In honor of Samuel Colt’s 205th birthday this week, Guns.com looks at some of the most enduring and iconic handgun designs to come from Colt’s Firearms over the years.
Samuel Colt was born July 19, 1814, in Hartford, Connecticut. By the time he died just 47 years later, his was a household name that endures today. At age 16, after being sent to sea by his father to learn to be a mariner, Colt crafted his first revolver and later credited seeing the sailing ship’s capstan in action as the inspiration for his landmark work on wheel guns. After many trials and tribulations, the 21-year-old Colt filed for his first revolver patent in 1835, and the rest is history.
From the early Colt Paterson, a distinctive folding-trigger design with a five-round cylinder that today is one of the most collectible of all rare black-powder revolvers, Colt continued down the path to producing the giant Colt Walkers which were utilized by the Texas Rangers, followed by the Model 1848 Dragoon, and Model 1855 Sidehammer models as well as the lesser-encountered Model 1855 Carbine. His two most prolific six-shooters– the Model 1851 Navy .36-caliber and Model 1860 Army .44-caliber — were both produced in numbers that reached past the 200,000 mark.
Following Samuel Colt’s passing in 1862, his company continued in Hartford and eventually switched from cap-and-ball revolvers to gate-loaded cartridge guns such as the 1871 Open Top. The now-famous Model 1873 went on to be become best known as the Peacemaker or Single Action Army due to its adoption by the Wild West-era U.S. Army. Perhaps one of the most recognizable “Old West” six-guns, the 1873 SAA has gone on to be made in both modern rimfire and centerfire clones by the hundreds of thousands including the Ruger Vaquero and Blackhawk series.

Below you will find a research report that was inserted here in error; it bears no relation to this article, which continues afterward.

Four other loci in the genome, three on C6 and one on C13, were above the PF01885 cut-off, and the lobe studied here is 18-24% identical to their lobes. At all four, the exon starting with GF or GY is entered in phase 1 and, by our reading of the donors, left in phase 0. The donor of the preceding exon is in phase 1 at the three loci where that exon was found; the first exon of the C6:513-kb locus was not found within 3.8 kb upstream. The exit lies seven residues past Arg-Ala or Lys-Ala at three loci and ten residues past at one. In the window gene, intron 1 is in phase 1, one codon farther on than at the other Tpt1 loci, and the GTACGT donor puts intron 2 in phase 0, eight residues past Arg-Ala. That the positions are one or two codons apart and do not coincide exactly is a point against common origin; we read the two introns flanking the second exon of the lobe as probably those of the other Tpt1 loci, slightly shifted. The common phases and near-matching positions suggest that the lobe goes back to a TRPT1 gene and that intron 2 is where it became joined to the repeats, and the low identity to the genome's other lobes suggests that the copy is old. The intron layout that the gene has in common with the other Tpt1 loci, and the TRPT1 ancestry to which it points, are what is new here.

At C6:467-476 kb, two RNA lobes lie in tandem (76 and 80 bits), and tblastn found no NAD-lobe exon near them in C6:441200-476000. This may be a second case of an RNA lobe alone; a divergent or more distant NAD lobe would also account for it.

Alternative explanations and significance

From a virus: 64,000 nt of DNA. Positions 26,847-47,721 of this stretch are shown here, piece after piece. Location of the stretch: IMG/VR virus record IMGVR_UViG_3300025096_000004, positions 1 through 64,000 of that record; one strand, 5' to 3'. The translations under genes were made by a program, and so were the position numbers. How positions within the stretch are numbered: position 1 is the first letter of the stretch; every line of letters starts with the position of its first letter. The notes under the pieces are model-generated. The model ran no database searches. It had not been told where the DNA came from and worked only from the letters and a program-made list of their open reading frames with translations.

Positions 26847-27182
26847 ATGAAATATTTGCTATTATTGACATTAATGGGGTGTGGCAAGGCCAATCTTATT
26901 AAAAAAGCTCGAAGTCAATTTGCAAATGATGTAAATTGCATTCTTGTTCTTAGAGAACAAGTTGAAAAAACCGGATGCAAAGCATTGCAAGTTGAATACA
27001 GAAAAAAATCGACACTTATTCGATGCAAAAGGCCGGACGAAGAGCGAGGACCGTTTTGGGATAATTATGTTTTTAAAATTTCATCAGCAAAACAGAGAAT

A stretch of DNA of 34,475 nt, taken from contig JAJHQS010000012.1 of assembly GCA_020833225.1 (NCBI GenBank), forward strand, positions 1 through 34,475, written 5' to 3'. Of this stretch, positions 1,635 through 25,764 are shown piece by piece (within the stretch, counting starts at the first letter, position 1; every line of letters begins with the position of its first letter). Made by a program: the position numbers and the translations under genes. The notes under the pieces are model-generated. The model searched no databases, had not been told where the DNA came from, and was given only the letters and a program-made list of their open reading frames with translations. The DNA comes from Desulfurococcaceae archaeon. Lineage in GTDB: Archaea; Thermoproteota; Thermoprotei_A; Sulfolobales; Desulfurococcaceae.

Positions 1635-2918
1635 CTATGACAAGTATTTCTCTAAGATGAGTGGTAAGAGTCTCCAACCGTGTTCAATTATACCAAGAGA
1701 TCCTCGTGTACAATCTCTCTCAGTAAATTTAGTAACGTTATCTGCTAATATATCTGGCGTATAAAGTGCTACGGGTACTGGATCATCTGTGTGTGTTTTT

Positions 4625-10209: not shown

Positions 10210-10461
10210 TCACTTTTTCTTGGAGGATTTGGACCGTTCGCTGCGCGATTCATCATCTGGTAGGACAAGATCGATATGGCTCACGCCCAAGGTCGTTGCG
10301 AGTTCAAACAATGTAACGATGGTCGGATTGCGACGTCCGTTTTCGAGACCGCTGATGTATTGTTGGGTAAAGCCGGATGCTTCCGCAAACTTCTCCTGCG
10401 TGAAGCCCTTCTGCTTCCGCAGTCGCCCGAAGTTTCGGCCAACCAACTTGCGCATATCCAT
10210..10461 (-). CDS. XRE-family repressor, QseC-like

By the late 19th Century, Colt had moved from single-action revolvers to doubles and the Colt 1892 Army and Navy, followed by the Colt New Service, introduced in 1898. The latter proved so popular that over 350,000 were made through World War II in everything from old black powder “cowboy” loads like .38-40 and .44 Russian but the newer .38 Special, .357 Magnum and .45CAP, the latter being used in moon clips in the Colt M1917 revolver, an offshoot of the New Service.
Then, of course, are the Colts that came from the company’s relationship with John Browning.
Between 1900 and 1915, Browning teamed up with the Prancing Pony to deliver the Colt Models 1900, 1902, 1903, the Pocket Hammerless (in both .32 and .380ACP), the tiny .25ACP Vest Pocket, the rimfire benchmark Colt Woodsman and, of last but not least, the M1911 Government Issue which started shipping in 1912.
But of course, Colt is king of the revolvers going back to 1835, and they kept on top of their game in the 20th Century with the Colt Detective — one of the first great true concealed carry guns. Introduced in 1927, the Dick Special predated S&W’s J-frames by decades and spawned a series of handguns that later evolved into the Agent and Cobra.
Upsizing from the Detective Specials, which were arguably pocket guns for those with big pockets, the Colt Police Positive and Service models gave way to the “snake guns” such as the Colt Python, Anaconda and King Cobra.
Today, Colt continues its handgun line with staples like their assorted 1911/1991s, Mustangs, and Defenders while signaling they are returning to their original roots. In the past few years, they have rebooted their revolver line to bring back familiar old names like the Cobra and King Cobra, a move which Mr. Samuel Colt would surely agree with.
Happy birthday, sir.